Tuesday, February 18, 2014

Venezuela Opposition Party HQ Raided Ahead of Protests

Ahead of planned protests today, yesterday Venezuelan authorities raided the offices of opposition party Voluntad Popular (VP) in their continued search for its leader, Leopoldo Lopez. The opposition figure has managed to evade law enforcement despite an outstanding warrant for his arrest on charges of inciting violence in recent demonstrations.

Yesterday afternoon, VP members announced that their headquarters had been raided by armed military intelligence officers looking for Lopez. The officers allegedly seized mobile phones, computers and other electronic equipment. The party released footage from an alleged security camera which shows intelligence agents pointing guns at its members and breaking down a door. The authenticity of the video has not been confirmed, but Caracas-based journalist Girish Gupta claims that a broken door in the Voluntad Popular corroborates the video.

Lopez remains at large, but most likely not for long. He has organized an anti-government rally to be held today in Caracas, and has promised to attend and surrender himself to authorities  at the Interior and Justice Ministry. The move puts the government in a difficult position. Arresting Lopez would create a media spectacle, fueling his narrative of being unjustly accused while providing the opposition with a martyr to unite behind, as David Smilde has pointed out.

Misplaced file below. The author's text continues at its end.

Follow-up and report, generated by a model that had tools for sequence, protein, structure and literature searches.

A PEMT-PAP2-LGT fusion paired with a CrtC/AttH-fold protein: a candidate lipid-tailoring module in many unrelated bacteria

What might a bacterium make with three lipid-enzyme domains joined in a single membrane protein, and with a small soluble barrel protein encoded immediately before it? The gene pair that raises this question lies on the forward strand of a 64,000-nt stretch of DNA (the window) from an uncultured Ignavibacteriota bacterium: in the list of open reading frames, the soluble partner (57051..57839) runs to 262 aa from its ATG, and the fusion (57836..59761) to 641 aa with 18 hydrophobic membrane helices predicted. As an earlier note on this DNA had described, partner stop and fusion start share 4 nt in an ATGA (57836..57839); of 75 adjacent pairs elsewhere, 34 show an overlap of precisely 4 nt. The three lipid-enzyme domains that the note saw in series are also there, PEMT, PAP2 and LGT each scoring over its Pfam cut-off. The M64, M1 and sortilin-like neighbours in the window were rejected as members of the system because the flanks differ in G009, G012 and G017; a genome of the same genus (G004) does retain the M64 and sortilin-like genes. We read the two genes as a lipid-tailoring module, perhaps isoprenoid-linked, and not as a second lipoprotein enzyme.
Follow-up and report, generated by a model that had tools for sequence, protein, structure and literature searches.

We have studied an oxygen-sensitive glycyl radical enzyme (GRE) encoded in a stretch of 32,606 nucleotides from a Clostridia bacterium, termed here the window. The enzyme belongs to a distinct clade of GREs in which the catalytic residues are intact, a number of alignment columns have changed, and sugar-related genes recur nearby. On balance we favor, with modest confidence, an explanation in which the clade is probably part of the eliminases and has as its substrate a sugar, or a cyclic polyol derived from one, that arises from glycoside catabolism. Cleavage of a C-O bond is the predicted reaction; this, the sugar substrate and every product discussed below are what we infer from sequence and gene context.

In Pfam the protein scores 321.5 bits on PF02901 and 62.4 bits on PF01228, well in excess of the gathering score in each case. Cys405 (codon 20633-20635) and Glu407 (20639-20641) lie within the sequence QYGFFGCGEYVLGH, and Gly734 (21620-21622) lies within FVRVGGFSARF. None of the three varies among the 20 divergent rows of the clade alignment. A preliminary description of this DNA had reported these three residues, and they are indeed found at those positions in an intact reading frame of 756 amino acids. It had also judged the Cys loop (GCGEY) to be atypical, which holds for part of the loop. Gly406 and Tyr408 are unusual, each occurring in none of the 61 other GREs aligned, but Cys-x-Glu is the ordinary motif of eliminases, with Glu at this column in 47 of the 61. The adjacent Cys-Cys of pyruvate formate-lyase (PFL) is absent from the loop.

By not doing so, however, President Nicolas Maduro might look weak to his base. The Chavista camp is already showing cracks, and the president cannot run the risk of losing his core supporters to a stronger rival within the ruling United Socialist Party (PSUV). His dismissal of three U.S. consular officials -- which was confirmed by Foreign Minister Elias Jaua yesterday -- is a classic base-rallying move, one which the government has used on similar occasions in the past.

Meanwhile, the government has come under increasing pressure by civil society and the opposition to investigate the student deaths which occurred during the February 12 demonstrations.  A compilation of videos and photos of clashes that day by Ultimas Noticias shows apparent civilians and plainclothes Bolivarian Intelligence Service (SEBIN) agents opening fire on protestors.  In a televised national address on Sunday, Maduro said that the officers had disobeyed orders by engaging with protestors, and at least one SEBIN agent has been arrested.  Nevertheless, critics maintain that Maduro has not adequately responded to the alleged disobedience, and have called on him to prosecute all those involved.